The Lords Spiritual “appear to have intuitively” understood this, he said. “They do not as a rule seek to inject into a debate the demands or even advice of Christian practice, nor do they generally purport to moralise or preach from a Christian perspective.” Rather, they appealed to “fundamental concepts such as charity, mercy, and forgiveness, that may have a particular foundation and resonance within the Church, but have an indisputable moral claim at a level of simple humanity, and by doing so they cement the claims of those religious values in the heart of Parliament and the constitution”.

Questions about how the Church maintained a distinctive voice as the Established Church in a pluralistic society surfaced throughout the day. The historian Tom Holland suggested that the two options available to it (“Does it affirm its distinctiveness, the sense that it is the embodiment and expression of God’s purpose, or is it the religious wing of multi-culturalism?”) both seemed “fairly invidious”. “In the one way, you are proclaiming the sectarian identity that will not go down well, and, on the other, you lose everything that makes the Church distinctive.”

The Archdeacon of Hastings and Dean designate of Chichester, the Ven. Dr Edward Dowler, suggested that, while one danger was that the Church’s voice could be suppressed as one outside mainstream opinion, there was an “equal and opposite danger that the Christian voice could become so similar to the prevailing noise around it that it has no distinct quality . . . absorbed so that there’s nothing worth listening to”. There was a risk of the Church’s “dying of boredom”, he warned.

Shermara Fletcher-Hoyte, principal officer for Pentecostal, Charismatic, and multi-cultural relations for Churches Together in England, spoke of a current study of Millennials and Generation Z at the Oxford Research Centre, which suggested “a real openness to the transcendent. . . There’s actually a hunger in society right now for what is not in the world; so let’s not be embarrassed by that, let’s share our spiritual practice.”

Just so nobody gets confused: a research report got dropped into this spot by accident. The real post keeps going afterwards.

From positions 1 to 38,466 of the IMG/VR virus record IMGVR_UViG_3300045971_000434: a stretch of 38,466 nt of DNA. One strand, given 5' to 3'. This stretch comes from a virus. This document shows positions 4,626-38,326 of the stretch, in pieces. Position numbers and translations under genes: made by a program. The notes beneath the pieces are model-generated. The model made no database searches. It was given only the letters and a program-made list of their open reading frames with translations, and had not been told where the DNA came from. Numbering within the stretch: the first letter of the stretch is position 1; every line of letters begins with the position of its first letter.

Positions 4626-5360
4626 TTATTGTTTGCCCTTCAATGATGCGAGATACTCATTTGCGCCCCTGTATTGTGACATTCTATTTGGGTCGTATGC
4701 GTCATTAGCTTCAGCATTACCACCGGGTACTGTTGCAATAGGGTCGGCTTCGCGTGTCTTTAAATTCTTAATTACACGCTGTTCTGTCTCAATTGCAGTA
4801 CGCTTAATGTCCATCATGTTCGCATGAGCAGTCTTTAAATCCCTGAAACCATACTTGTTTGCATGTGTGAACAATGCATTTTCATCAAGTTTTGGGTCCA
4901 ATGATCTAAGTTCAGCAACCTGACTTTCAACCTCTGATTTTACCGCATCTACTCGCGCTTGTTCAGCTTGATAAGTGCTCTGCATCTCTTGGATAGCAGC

The Archbishops’ Council’s Director of Faith and Public Life, Canon Malcolm Brown, suggested that one future path might be to form “alliances between those faiths that do believe that this life is not the end, not just for the sake of ecumenical and interfaith dialogue, but because actually the future of the world depends on making that believable again”. He heard, he reported, few funeral homilies that affirmed the “sure and certain hope” of resurrection.

To laughter, Mr Holland told the conference that he had loved the Coronation “in the way that I would have loved seeing a Triceratops roam across a Dorset field”. After suggesting that “we are living through a process of cultural and moral change at the moment that is analagous to the Reformation,” he observed that the Prince of Wales “may be a king that is more in tune with a country that, in a decade, or two decades, or whenever he is crowned, will have slipped the moorings of Christianity even more”.

One reason for that was that, despite running large numbers of schools, the Church did not “seem to be inculcating a familiarity with the Bible. Generations are growing up at the moment with a complete ignorance of the most basic fundamentals of biblical stories.”

In his remarks, the Bishop of Ramsbury, Dr Andrew Rumsey, noted that, while 51 per cent of children in his diocese attended an Anglican primary school, only 1.7 per cent attended its public worship. He referred to this as evidence that, “whilst our congregational membership has long been shrinking like a balloon, this slow puncture has not by contrast shrunk the Church of England’s own view of its social reach and responsibility. National allegiance to the Church may be in heavy and long-term decline, but the Church’s allegiance to the nation remains as lofty as ever.”

Anglican local attachment was, at its best, “good for both faith and society, being a bulwark against increasing religious sectarianism and a sign that the nation, the state, or society, is no mere pragmatic, political, existential contract, but it’s also a sacred and a transcendent thing with a meaningful narrative leading us to a better place”.

The Bishop of Hull, Dr Eleanor Sanderson, opened the conference with reflections on having served as a bishop in the Anglican Church of Aotearoa, New Zealand and Polynesia. “It is too soon for me to say whether being an Established Church will enable a different reality of transformation in areas that are a concern for me,” she said.

“What I can say is that, in England, the Rt Revd and the Rt Hon. are joined together in a unique way. Those for whom this is the case have taken oaths to a people and to a place, to be loyal to the gospel purpose, and, from my cultural lens, for one’s identity to be so shaped asks: what or who do we reverence?”